If you've ever picked up a newspaper or a coupon insert, you've handled a type of newsprint paper. Made from either recycled paper or wood pulp, newsprint paper comes in large rolls and is an inexpensive, thin paper used to print a variety of publications from traditional newspapers to common tabloids.
The most common type and grade of newsprint paper, standard newsprint paper is used in the printing of most major U.S. newspapers, including The New York Times and USA Today. It is the thinnest type of newsprint paper, making it one of the most inexpensive. Due to the paper's thinness and the process by which it is made, standard newsprint paper is also one of the weakest types of paper and is prone to deterioration.
If you've ever read a local community paper, you've probably held a piece of improved newsprint paper in your hands. Improved newsprint paper is often easier for smaller publishers to acquire than standard newsprint. Improved newsprint paper is slightly thicker and brighter in color than standard newsprint paper, and the surface of the paper is typically better. Because of this, improved newsprint paper is often used when printing the outside pages of major newspapers.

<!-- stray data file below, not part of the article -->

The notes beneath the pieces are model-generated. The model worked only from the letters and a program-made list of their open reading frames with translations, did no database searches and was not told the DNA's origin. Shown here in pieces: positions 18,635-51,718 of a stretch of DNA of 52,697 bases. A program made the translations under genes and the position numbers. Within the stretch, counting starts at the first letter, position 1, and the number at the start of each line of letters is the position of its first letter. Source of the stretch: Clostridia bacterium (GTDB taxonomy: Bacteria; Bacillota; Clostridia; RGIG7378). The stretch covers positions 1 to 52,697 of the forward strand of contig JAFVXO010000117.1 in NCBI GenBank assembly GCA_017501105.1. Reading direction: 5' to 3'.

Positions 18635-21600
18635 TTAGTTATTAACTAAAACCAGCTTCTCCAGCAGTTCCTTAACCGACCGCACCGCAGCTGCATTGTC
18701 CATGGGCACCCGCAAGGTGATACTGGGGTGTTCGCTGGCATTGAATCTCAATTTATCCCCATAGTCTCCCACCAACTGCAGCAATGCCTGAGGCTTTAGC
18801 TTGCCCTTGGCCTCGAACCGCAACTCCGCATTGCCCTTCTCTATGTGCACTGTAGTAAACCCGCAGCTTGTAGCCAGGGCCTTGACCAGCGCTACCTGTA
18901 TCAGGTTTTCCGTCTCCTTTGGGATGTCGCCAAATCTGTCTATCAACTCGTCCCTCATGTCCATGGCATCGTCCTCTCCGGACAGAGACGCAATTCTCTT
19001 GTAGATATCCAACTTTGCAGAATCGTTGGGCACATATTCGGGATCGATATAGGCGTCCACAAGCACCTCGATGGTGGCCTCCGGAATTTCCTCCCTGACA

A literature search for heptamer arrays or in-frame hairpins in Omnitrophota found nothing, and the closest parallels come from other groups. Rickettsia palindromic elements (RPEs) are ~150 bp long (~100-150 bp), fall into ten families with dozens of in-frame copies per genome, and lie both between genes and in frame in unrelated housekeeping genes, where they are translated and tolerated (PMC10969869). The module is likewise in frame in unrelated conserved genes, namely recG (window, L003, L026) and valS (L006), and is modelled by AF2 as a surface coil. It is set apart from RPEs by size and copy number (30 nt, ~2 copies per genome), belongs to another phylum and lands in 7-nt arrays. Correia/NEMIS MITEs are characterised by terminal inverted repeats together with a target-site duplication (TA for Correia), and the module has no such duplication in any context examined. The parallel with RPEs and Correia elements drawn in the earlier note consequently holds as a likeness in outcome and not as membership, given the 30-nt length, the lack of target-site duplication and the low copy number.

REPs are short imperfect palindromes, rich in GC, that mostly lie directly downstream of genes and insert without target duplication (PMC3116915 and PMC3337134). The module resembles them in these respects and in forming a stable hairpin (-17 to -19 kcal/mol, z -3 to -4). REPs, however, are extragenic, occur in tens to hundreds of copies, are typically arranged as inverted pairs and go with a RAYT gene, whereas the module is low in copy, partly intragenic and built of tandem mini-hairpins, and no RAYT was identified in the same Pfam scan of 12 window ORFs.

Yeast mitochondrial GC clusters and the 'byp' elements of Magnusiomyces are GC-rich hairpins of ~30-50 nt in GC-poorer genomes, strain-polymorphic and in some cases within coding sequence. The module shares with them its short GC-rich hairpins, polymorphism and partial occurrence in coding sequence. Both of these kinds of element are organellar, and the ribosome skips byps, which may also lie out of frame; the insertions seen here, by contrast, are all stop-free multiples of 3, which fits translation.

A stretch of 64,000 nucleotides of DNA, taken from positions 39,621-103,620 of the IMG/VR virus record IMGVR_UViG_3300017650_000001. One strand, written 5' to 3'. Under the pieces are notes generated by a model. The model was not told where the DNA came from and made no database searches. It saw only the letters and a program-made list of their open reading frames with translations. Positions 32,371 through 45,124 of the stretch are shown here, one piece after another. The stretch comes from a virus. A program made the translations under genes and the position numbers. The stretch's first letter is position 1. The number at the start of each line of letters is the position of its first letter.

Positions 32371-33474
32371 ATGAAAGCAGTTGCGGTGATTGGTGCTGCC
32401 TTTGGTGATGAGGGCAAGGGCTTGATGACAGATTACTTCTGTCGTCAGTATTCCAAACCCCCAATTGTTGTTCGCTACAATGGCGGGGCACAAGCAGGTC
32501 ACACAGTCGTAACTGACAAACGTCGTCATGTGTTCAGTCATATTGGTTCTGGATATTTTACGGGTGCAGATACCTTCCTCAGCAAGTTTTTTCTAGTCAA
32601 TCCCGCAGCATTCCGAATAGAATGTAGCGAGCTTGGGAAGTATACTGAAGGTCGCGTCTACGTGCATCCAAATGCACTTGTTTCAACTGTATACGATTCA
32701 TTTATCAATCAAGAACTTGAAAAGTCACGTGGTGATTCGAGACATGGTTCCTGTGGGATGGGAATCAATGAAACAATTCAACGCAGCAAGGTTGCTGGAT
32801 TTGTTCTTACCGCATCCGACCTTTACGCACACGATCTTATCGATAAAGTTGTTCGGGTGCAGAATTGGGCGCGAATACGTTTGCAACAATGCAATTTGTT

One of the thickest types of newsprint paper, specialty newsprint paper is used to create the advertising inserts you find in your weekend newspaper. Due to the thickness of the paper, specialty newsprint is often used in full-color and four-color processing. Specialty newsprint is typically coated due to the color print process.
Other Types of Newsprint
Other types of specialty newsprint are available on the market today. Colored newsprint comes in a range of pastel colors and is used for special sections of some newspapers. Thinner grade, yellow newsprint paper, often called directory newsprint, is used to create phone books and other items.
Sienna Condy began writing professionally in 2001 while attending the University of Cincinnati, and she's been at it ever since. Since graduating, she's written everything from marketing materials to articles on removing stains. Today, she enjoys writing about weddings, legal issues, science, health and parenting.